A guest post from Ben Schrader, on the topic of his new book, Fight to Live, Live to Fight: Veteran Activism After War, published today with SUNY Press. Ben recently completed a visiting professorship with the Bard Globalization and International Affairs program in conjunction with Central European University. He is a war veteran turned peace activist turned academic. He has published in the Journal of Narrative Politics on ‘Auto-Archeology and Political Affect of War’ (2014) as well as in Critical Military Studies on ‘The Affect of Veteran Activism’ (2017). Ben has a number of other published non-academic works, from think pieces to poetry. He is currently living precariously on the job market. Ben is also a board member for the anti-war organization About Face: Veterans Against War.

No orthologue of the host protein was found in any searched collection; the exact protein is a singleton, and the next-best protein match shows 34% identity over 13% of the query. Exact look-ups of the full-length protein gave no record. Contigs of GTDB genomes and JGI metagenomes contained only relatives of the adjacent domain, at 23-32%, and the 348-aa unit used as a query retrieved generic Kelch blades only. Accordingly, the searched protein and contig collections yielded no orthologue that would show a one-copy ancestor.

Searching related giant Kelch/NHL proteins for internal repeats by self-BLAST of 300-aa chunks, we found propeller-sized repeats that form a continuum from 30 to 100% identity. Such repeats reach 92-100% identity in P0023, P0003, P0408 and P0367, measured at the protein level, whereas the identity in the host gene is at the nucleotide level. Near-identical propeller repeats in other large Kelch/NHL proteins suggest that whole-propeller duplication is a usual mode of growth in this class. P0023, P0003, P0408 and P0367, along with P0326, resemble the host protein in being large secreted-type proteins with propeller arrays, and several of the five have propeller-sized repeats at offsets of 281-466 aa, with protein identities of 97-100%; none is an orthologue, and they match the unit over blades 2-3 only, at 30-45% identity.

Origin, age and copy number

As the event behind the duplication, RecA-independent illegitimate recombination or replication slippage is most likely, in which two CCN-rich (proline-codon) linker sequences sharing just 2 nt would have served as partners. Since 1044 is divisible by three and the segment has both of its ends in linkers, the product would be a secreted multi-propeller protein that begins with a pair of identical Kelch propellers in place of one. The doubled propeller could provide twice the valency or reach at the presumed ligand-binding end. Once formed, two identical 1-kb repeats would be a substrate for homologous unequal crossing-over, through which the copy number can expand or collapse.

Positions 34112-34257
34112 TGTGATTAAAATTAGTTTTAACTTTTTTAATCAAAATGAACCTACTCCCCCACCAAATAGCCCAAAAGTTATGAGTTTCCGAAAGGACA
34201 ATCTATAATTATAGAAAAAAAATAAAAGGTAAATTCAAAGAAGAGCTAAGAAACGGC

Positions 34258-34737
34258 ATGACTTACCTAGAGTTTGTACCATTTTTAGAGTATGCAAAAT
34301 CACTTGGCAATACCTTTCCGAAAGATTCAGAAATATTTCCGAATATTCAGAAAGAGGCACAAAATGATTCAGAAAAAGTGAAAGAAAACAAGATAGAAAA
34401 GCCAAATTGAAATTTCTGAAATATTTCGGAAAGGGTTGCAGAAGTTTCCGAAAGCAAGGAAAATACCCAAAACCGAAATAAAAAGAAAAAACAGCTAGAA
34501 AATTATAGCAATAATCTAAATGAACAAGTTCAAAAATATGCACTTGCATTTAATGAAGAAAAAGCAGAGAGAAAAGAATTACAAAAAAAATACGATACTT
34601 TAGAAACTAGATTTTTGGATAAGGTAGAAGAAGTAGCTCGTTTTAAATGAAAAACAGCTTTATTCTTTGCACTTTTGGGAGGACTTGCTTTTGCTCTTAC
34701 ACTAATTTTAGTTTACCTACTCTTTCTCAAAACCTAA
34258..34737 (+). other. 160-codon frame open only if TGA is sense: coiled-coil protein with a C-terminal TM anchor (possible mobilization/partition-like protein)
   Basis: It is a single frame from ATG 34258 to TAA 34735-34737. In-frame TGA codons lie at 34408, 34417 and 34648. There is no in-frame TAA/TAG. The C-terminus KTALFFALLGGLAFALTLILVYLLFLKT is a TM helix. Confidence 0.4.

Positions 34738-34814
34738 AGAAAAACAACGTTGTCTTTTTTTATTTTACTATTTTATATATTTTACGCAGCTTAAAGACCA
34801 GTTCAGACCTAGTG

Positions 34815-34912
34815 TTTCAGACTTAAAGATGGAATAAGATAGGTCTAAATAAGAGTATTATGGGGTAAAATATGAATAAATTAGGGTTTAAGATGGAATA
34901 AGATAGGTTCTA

From 2001-2005 I served in the US Army as a 19D Cavalry Scout. I was stationed in Vilseck, Germany and went on two deployments, one to Kosovo from 2002-2003 for a peacekeeping mission, and one to Baqubah, Iraq, where I was a part of my units Quick Reaction Force, so if anything happened in our sector we were the first people that were called. Needless to say I saw a lot of combat. While in Iraq, I began to become disillusioned with the mission, as the reasons we had been given for why we were in Iraq did not seem to align with what we were seeing on the ground. I left the military upset, confused, and as if I had been betrayed by my own country, so to understand my experience I did two things. First and foremost, I joined the group Iraq Veterans Against the War (IVAW), now known as About Face: Veterans Against War. This gave me a tool to channel much of my anger and also connected me with other veterans who were questioning the things they experienced in Iraq. One of the primary tactics I found with IVAW, parrhesia—speaking truth to power—worked to expose the lies that I saw (as well as the truths that have been hidden from civil society), while also working to help me heal by releasing the burden of these truths.